drinking water. At the same time, in Ecuador, most people drink from plastic
bottles and bathe in tap water. The reason for drinking bottled water is
fear of micro organisms and parasites such as Guardia, that enter the system
The solution is a comprehensive system such as EcoWater, a pioneer in the
business since 1925. This is a US company with international distribution,
green goals and representatives in Ecuador and throughout the world.
If you are serious about water, please let me assist in any way I can.
My Comment: I agree with this reader that Brita and most domestic filters are far from complete. Every reader may want to look further for their own health. Personally in North Carolina we drink only spring water right from its source. We have an extensive ozonation system in Ecuador
However from an investing point of view I have not been able to see any way to invest in EcoWater.
Reader Comment: “Gary, in line with your current artical. There is a co. symbal that will aid our world with water treatment solutions 2nd to none. BSHF. They are contracted with Dubi,& Irac at the preasent time.
I have no ax to grind here other than this looks real promising.”
My Comment: I took a quick look at BSHF and it seems to flunk the first test in our seven filters “Good Management.” This appears to be a company just entering the water business with one contract. Maybe the management is good…maybe not…who knows…only time will tell. As such this is a venture deal…not a solid investment.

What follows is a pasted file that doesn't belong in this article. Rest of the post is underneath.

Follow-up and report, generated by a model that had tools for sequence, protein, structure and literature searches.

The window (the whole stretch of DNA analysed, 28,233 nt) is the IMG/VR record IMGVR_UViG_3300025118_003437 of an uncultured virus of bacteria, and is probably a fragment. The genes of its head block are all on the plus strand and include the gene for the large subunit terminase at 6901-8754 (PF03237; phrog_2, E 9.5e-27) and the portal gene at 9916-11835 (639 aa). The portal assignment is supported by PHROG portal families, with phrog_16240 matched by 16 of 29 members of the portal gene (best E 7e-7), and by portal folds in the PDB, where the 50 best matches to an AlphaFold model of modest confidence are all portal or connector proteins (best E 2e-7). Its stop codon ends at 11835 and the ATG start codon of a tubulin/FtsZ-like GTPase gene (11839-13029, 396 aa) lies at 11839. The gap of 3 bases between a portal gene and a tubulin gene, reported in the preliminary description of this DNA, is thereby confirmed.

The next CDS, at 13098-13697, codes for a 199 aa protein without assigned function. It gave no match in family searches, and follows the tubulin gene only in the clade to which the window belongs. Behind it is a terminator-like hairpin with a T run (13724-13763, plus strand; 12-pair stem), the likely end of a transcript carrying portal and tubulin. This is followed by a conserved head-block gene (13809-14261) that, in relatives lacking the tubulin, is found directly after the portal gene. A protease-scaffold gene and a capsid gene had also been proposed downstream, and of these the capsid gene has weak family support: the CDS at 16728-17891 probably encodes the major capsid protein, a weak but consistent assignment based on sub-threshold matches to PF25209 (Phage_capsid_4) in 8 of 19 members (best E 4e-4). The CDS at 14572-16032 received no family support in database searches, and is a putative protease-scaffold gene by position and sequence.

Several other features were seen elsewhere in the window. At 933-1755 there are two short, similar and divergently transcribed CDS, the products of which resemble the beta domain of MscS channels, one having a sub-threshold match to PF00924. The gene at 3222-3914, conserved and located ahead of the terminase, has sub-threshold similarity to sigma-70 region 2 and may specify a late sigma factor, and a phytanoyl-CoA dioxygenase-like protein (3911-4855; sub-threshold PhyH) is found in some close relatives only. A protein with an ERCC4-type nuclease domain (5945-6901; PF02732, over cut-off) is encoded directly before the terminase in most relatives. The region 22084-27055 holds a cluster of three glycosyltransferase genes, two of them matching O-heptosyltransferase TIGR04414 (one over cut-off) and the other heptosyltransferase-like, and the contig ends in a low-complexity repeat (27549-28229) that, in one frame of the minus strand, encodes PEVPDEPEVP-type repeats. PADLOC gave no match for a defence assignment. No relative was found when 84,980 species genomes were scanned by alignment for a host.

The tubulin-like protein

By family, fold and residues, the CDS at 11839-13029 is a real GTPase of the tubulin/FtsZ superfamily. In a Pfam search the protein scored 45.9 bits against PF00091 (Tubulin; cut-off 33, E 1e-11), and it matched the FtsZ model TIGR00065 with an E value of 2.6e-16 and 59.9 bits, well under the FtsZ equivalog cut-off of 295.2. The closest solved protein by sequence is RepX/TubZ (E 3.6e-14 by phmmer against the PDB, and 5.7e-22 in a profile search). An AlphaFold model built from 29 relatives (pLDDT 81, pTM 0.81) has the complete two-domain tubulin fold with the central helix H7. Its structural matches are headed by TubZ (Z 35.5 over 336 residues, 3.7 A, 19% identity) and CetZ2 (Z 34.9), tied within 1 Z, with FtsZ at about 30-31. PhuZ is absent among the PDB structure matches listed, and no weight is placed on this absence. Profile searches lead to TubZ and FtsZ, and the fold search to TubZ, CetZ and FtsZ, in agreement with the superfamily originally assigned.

This maybe great for stock venture investors but that is not what we are about
I NEED YOUR HELP
There is a lot written about water shortages but the reality is that there is plenty of water…just not enough FRESH water. Throw in the oceans and all shortages in terms of volume disappear. So the problem is one of quality not quantity. This opens the doors to desalination.
Perth, Australia for example, with a population of about 1.7 million, is growing 3 percent a year needs more water.
A company there, The Water Corp. turned to the nearby Indian Ocean to help solve the problem. The Kwinana Desalination Plant south of the city opened two months ago. The facility, the first of its kind in Australia, covers just a few acres in an industrial park next to the ocean.
The water is sucked in through a pipe about 650 feet offshore in Cockburn Sound, at a rate of about 0.1 meters per second, says project manager Simon McKay.
That is slow enough to let the fish escape, but fast enough to provide nearly 40 million gallons of drinking water each day — roughly 20 percent of Perth’s daily consumption. That makes the plant the single largest source of water for the city.
I am researching desalination and will wrote about it in future messages. If you have knowledge or ideas to share, let me know!
Until next message keep looking ahead. We do not have to look far to see the problem of too little fresh water. I look forward to helping you find the big opportunities that come from these problems.
Join me with Thomas Fischer of Jyske Bank as we update global investments at our October 3-5 at our International Investing & Business Made EZ course in North Carolina